| 2013 Winter | story by ANN BROCKHOFF | photos by STEVEN HERTZOG |


Art has a reputation for being exclusive, however, in Lawrence, it’s anything but. The city’s creative community embraces fine arts and functionality, established and experimental genres and spaces and public events of all types.

But even with all that, it can be tough making a living by making art. There simply aren’t enough exhibition spaces or patrons, artists and gallery owners say, although that may be changing. New venues, Final Fridays and the creation of a Cultural District indicate renewed vigor.

“I’m heartened, and I think there’s a good future for local art commerce in town,” says Meredith Moore, co-owner of Wonder Fair: Art Gallery, Shoppe & Studio. “I don’t think it will follow the traditional form, and I don’t think we’ll have those high-roller collectors. We’ll have a tightly knit, supportive community of art collectors and art makers, which is more rewarding.”

Wonder Fair draws much of its support from Lawrence, although Moore also has clients from nearby Kansas City and Wichita and as faraway as New York and Los Angeles. Some come for gallery exhibitions, which feature emerging artists and often printmakers; others are drawn to the shoppe’s selection of useful, handcrafted pieces.

But Wonder Fair does more than sell art. Moore’s mission also includes building excitement for new talent while helping those artists shape their careers. That might mean advising on pricing or framing, discussing Internet marketing or developing complimentary projects that improve salability without compromising integrity—whatever an artist might need. “We’re a resource where artists can learn to be more financially adept in the marketplace,” Moore says. “We show them they don’t have to be starving.”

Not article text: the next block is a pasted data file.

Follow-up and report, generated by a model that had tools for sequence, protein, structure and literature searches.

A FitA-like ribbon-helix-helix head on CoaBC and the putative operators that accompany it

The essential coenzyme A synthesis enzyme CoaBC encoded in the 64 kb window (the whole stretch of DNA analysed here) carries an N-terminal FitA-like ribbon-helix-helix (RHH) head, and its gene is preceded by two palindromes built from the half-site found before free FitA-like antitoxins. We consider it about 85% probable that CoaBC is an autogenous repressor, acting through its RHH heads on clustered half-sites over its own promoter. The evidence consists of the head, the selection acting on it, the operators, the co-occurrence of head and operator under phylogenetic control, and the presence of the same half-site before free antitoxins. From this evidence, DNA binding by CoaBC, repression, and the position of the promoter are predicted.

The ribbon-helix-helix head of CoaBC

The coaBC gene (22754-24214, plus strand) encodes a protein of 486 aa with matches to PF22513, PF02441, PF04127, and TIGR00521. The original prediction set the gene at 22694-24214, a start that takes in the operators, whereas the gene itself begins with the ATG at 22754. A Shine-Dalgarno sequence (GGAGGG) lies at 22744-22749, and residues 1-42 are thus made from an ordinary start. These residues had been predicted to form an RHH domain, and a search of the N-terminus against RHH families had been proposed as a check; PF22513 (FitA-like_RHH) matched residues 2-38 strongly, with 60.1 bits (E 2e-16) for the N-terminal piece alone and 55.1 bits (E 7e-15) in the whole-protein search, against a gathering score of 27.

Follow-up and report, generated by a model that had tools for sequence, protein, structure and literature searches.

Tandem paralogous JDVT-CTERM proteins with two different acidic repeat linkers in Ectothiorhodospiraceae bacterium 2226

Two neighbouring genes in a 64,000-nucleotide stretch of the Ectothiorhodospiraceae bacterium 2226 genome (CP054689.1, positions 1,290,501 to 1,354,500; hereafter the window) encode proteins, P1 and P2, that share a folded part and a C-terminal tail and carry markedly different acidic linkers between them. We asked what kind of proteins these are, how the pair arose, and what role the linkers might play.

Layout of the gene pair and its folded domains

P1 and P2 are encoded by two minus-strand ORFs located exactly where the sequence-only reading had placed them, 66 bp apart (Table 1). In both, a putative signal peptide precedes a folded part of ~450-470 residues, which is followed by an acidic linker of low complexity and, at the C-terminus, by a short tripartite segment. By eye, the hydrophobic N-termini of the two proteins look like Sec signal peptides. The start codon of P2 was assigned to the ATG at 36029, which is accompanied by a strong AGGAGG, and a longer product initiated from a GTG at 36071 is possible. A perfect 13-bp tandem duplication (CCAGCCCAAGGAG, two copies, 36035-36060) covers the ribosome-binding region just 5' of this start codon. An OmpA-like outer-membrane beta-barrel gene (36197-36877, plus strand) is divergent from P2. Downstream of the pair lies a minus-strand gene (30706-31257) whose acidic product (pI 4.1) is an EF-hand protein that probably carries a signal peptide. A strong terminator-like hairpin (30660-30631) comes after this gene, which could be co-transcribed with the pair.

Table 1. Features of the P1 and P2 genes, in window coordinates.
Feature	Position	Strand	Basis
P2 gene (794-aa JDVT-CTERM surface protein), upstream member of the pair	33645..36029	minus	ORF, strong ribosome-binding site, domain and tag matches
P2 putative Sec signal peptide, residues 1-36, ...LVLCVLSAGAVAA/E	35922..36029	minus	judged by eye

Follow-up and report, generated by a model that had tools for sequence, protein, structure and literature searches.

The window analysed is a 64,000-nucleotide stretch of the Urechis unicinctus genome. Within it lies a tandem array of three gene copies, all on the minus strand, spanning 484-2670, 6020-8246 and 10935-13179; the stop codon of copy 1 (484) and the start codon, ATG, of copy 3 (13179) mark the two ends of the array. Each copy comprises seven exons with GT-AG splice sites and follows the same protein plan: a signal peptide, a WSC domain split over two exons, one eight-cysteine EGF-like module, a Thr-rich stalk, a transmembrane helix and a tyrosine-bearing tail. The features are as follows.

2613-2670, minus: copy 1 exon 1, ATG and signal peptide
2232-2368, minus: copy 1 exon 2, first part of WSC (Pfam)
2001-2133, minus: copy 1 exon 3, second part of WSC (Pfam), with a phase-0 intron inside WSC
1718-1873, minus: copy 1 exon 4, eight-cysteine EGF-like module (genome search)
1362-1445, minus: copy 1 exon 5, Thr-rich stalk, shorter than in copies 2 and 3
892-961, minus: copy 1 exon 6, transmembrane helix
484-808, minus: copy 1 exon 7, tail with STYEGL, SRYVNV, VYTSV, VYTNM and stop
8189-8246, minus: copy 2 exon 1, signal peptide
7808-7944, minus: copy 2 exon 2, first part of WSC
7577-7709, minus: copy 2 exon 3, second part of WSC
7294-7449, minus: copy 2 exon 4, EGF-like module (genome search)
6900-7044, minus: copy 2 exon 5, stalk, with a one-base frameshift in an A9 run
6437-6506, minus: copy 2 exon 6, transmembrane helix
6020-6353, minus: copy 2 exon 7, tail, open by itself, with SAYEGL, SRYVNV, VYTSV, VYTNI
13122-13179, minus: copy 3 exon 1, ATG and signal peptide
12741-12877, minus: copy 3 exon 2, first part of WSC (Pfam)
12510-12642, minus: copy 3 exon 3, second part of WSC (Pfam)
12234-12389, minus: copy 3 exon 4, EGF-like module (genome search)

untitled Making art accessible to a wider audience is also important, and it’s a principle Wonder Fair shares with another downtown destination – the Phoenix Gallery. Gallery manager Sue Shea works with about 360 artists, filling the space with everything from pottery, textiles, wall hangings and sculptures to necklaces made from vintage rosaries, hand-blown glass vases and copper reliquary boxes.

“Everything is handcrafted, unique, functional and affordable, Shea says, with prices ranging from $8 to $1,200. Sometimes when people see a gallery, they think they can’t afford anything,” Shea says. “That’s not how we want to run this. We want to run this so there’s something for everyone.”

Most artists work on consignment, and each object is photographed upon receipt so the gallery can provide artists with an exact inventory of sales. Shea and her staff also regularly coordinate commissions and special orders. Many buyers are local, but not all.

“We have customers on the East and West coasts and everywhere in between,” says Shea, who also promotes artists via Facebook, Twitter and email. “There’s a lot of back-and-forth, and we do all that.”

The gallery added a more traditional exhibition space earlier this year when it opened the Phoenix Underground in its basement to showcase both two-dimensional works and larger sculptures. The gallery also shares downstairs space with Essential Goods, a retail shop selling handcrafted works by independent craftspeople.

It’s not unusual to encounter an artist in any of these spaces, either by happenstance or during regular events such as Final Fridays, which many galleries credit with helping fuel enthusiasm for Lawrence art.